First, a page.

• Nate Adams

Review: Overstuffed 'Breaking News in Yuba County' squanders talented ensemble


Courtesy of MGM

Sue Buttons is looking for validation in a quiet, harmless little town inside the jurisdiction of Yuba County. Nobody remembered her birthday, her husband is having an affair, and the one news story that’s soaking up the airwaves is the disappearance of 13-year-old Emma Rose. What’s Sue Buttons to do?


Tate Taylor’s inspired though woefully misguided dark comedy “Breaking News In Yuba County” explores Sue Buttons’ narrative, but not before delving into the subplots of several characters played by recognizable actors. If there’s one thing Taylor can accomplish, it’s bringing together a stacked cast. Unfortunately, the 96 minute “Yuba County” doesn’t know how to utilize them, resulting in a hodge-podge of slapstick humor that plays like recycled bits of a failed sitcom pilot. In that medium, audiences would explore who these characters are, but in Amanda Idoko’s scattershot feature-length script, they’re left fighting for screen-time.


Taylor - returning to his suburban homegrown roots that made “The Help” a smash hit - gets lost in his schmutzy style. Characters have names but their motivations are razor thin and the film tries to blend the mystery of “Three Billboards Outside Ebbing, Missouri” with the dramatic irony of “Drowning Mona” to no avail. An ensemble featuring - deep breath - Allison Janney, Mila Kunis, Juliette Lewis, Awkwafina, Jimmi Simpson, Clifton Collins Jr, Wanda Sykes, Regina King, Samira Wile and Matthew Modine are rendered useless because the script doesn’t know which direction to take them. The breaking news of this movie is how a cast this impeccable fails to land a single laugh.


Idoko’s script attempts witty takes on how local news can easily be manipulated and the insecurities your typical housewife endures, but the stale direction and airless comedic timing leaves any hope for redemption stranded in the backroads. Oscar winner Allison Janney plays Sue Buttons who’s life is a meaningless assortment of working through her crappy telecommunications job and finding moments for self affirmation. Her sister, Nancy (Kunis) is a rising news anchor vying for a big scoop in hopes of unseating rival and ratings behemoth Gloria Michaels (Juliette Lewis).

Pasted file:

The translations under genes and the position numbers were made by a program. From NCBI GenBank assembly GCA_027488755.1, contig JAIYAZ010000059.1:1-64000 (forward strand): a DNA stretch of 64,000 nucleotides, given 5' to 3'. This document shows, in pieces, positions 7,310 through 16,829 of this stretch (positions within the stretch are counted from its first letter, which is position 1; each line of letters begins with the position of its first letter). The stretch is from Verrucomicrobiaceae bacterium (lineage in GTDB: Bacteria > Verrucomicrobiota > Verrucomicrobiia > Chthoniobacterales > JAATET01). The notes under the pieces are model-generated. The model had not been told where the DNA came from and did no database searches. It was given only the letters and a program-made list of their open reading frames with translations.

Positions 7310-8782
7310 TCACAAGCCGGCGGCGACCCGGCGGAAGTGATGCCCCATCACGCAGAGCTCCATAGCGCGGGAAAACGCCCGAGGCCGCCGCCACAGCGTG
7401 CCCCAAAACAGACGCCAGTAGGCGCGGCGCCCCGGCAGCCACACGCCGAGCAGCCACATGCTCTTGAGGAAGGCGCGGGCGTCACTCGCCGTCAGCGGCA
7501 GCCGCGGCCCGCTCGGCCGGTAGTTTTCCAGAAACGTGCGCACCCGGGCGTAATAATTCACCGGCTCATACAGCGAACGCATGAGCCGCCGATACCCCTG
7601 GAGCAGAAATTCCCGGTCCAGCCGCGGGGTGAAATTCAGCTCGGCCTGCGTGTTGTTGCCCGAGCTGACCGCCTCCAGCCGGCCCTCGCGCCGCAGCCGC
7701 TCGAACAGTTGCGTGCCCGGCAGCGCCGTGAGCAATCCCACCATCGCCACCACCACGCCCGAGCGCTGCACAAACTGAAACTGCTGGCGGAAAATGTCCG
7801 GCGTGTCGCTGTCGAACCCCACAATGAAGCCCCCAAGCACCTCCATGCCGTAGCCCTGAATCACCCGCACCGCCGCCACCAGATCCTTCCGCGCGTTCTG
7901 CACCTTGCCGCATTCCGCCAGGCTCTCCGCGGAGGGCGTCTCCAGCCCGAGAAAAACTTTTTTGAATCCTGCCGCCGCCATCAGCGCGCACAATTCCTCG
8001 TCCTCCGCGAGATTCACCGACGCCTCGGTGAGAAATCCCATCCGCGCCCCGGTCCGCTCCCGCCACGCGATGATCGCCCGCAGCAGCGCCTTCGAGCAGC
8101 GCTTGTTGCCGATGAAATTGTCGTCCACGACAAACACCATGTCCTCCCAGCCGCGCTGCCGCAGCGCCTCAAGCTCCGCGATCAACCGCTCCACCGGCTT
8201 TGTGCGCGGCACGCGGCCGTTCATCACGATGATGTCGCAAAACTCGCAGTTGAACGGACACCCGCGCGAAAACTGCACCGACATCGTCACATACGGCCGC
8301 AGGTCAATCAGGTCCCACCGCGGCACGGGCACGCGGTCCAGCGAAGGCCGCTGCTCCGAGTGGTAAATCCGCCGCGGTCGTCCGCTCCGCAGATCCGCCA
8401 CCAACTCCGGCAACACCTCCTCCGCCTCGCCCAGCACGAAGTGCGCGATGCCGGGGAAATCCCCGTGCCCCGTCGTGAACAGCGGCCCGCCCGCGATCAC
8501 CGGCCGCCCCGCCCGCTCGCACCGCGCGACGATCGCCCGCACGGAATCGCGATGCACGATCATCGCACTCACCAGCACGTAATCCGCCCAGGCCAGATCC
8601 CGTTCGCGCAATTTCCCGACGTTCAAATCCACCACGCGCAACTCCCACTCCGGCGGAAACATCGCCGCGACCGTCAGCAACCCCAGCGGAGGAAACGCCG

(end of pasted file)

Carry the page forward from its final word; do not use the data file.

When Sue’s husband Karl (Matthew Modine) suffers a heart attack and dies while getting caught cheating, instead of reporting it to the police the introverted, rarely seen or heard housewife seizes the opportunity to attract that public spotlight of sympathy. She concots a fictionalized story around Karl’s disappearance, enlisting Nancy to break the story, and garners the attention of two police detectives (Regina Hall and T.C. Matherine) who suspect foul play.


Meanwhile, Karl’s brother Petey (Jimmi Simpson) who works for Rita (Wanda Sykes) assumes two old thugs he messed around with (Awkwafina and Clifton Collins Jr.) are holding his brother ransom, and the wheels keep spinning, people are double crossed and the body count rises as we learn Yuba County is filled with dark secrets. Most, if not all, of the subplots in “Yuba County” have the capabilities of filling their own mini-series, but not enough to sustain 96 minutes of whatever Idoko cooks-up. It eventually becomes a giant spider-web that’s hard to untangle and Jeff Beal’s canned score lacks the sufficient spunk needed for Taylor’s expansive storytelling.


By the time we reached the finale, it wasn’t so much you cared about where things ended up, but how they logically arrived at their destination. These loosely connected one-note characters are brought together by flimsy circumstances and offer zero credibility for the overall goal of “Yuba County.” At one point, I forgot Kunis had a role until she conveniently shows up in the last half hour. Perhaps Kunis was on set that day and Idoko decided to write something for her?


The plot’s mysterious elements and the story gradually building to unexpected places suggests the “Gone Girl” style approach might have worked in the correct hands, but for Taylor he gets weighed down by his own balancing act. He wants to explore every corridor of Yuba County and forgets to have fun with his ridiculous premise. I’m surprised a location with this many strange and wacky personalities could be so boring.


Grade: D+


BREAKING NEWS IN YUBA COUNTY opens in select theaters and digital Friday, February 12th